Gauteng, South Africa − Struggling with a manufacturing information management system that was installed in 1992 and last updated in 2000, SA Mint decided that it was time for a radical upgrade that would involve the latest MES and EMI technologies and approaches commensurate with the company’s product excellence and world-wide reputation.
The manufacturing process at SA Mint is characterised by a need for efficiency, security and tight production accounting – not to mention consistent product quality and dependable automation. The company bears a unique responsibility for delivering high quality products consistently, on time and in large volumes. This is an environment that has little or no tolerance for unreliable performance or lack of control and which has to meet the budget constraints of 21st century economics.
The production process is quite complex and has a large number of steps that must be followed precisely to make a single coin but, although this was already being handled, the real problem lay with management information – there wasn’t any. This meant that business continuity management couldn’t be guaranteed and reporting was a tedious business which was seldom on time to be effective.
Other concerns were that the existing solution couldn’t be integrated with others, depended on only one person for support and was based on very old operating and database management systems as well as an ancient technology infrastructure that was no longer supported.
“In 2005, a decision was made to completely overhaul and enhance our factory systems,” says Lungile Binza, CIO at the South African Mint Company Ltd. “This was the start of project Pelo – a Sesotho word for “heart” as this would be the heart of our operations. The plant needed a system that would provide material traceability, ensure data integrity and provide a solution that is flexible enough to accommodate changes in our manufacturing environment. The system would also have to assist with inventory optimisation by providing information about the availability and location of inventory items. We were looking forward to far greater visibility into our KPIs while the system facilitated production flow without compromising control or security at the same time as providing real-time production information including OEE.”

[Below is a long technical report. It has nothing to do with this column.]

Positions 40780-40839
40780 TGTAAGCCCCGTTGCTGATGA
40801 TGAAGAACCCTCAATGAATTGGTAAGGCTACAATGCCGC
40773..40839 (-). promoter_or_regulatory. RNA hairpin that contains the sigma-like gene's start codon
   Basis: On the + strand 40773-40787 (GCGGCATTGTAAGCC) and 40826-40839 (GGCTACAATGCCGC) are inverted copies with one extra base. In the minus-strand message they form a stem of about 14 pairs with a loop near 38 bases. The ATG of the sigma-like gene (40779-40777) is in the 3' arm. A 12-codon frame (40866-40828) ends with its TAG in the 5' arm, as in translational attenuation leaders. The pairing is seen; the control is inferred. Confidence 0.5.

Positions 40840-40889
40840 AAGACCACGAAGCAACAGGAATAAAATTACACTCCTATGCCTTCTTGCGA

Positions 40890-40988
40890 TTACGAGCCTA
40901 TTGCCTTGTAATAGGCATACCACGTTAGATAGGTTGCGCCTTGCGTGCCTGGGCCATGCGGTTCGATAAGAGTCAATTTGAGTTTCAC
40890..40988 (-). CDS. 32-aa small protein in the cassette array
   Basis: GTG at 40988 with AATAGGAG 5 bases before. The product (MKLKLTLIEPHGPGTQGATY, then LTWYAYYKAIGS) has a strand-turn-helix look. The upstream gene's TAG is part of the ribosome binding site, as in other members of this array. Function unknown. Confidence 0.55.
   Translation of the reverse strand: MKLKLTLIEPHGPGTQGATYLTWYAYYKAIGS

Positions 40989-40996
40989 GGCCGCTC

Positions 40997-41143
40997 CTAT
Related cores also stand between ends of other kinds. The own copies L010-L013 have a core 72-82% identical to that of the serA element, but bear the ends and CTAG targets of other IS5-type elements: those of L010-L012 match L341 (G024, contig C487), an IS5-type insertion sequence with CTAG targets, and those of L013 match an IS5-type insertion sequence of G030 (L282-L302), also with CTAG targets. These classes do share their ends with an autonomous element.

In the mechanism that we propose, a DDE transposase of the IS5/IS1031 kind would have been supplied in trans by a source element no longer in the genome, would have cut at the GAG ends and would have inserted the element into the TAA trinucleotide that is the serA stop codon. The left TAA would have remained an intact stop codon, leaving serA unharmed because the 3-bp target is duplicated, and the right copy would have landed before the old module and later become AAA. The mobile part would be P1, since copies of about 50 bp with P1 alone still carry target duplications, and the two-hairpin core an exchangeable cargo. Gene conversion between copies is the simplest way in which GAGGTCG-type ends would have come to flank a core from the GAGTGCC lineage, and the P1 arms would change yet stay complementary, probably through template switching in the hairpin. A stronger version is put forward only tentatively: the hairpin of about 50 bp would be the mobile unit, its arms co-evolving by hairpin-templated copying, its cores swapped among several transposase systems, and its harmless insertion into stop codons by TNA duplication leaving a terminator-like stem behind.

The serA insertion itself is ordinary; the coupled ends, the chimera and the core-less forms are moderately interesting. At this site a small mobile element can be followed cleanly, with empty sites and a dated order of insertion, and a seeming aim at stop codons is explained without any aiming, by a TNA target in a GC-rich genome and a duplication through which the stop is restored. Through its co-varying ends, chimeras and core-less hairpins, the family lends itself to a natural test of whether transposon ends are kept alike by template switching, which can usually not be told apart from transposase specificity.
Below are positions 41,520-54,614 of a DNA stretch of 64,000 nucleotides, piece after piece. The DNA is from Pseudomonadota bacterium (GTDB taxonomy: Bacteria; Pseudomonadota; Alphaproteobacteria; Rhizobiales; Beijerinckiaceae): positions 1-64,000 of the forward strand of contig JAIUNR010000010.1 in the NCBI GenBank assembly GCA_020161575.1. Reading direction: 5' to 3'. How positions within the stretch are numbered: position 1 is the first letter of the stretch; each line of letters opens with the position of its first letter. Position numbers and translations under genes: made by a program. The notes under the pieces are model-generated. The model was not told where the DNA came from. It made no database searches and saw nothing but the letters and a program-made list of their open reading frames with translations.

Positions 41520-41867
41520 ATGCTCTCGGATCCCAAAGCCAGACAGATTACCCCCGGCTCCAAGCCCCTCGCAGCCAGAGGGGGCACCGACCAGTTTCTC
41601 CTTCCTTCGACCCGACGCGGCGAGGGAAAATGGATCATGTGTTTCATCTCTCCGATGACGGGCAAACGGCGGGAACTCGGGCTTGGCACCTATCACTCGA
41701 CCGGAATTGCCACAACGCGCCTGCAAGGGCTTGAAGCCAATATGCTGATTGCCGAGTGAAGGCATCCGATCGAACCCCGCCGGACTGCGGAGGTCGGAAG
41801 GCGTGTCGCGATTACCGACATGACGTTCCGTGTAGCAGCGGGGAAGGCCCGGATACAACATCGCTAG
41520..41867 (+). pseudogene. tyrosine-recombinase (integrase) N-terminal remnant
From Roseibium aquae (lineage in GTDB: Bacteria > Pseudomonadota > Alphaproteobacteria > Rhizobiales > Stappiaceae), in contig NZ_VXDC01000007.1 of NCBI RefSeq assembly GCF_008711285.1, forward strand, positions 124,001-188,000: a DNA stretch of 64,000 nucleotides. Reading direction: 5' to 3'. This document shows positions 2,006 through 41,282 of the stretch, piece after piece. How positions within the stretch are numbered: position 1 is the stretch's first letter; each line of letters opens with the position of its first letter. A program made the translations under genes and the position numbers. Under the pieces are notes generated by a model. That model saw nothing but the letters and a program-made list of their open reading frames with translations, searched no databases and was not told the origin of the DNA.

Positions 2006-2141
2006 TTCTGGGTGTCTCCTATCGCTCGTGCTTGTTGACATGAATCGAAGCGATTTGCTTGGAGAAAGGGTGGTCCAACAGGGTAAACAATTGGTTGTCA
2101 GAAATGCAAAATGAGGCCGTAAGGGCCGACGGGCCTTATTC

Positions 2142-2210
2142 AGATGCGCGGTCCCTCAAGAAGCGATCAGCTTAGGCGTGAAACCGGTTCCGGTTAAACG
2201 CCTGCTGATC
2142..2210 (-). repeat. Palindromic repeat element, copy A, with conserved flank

In 2010/1, after a false start, project Pelo was put back on track based on SA Mint’s business needs rather than the process requirements. “At the time of this restart, the MES workflow technology was brand new and there were no referral sites in South Africa. We knew that we couldn’t tolerate anything going wrong and adopting this technology was initially considered too risky and the proposals were rejected. We were not going to have a ‘guinea-pig experience’,” continues Binza. “But a top-level presentation by Wonderware Southern Africa (now IS³) showed us their commitment to a future where model-driven MES and workflow management would become the norm because that’s what customers wanted. This new paradigm would be introduced and supported, and training would be provided just as had happened with the rest of AVEVA’s product range, supplied by IS³. In fact, because of the needed human interaction and decision-making at the MES level, it soon became apparent that the integration of workflows would become the norm rather than the exception. Even so, the board of SA Mint insisted on introducing a system of checks and balances – but more about that later.”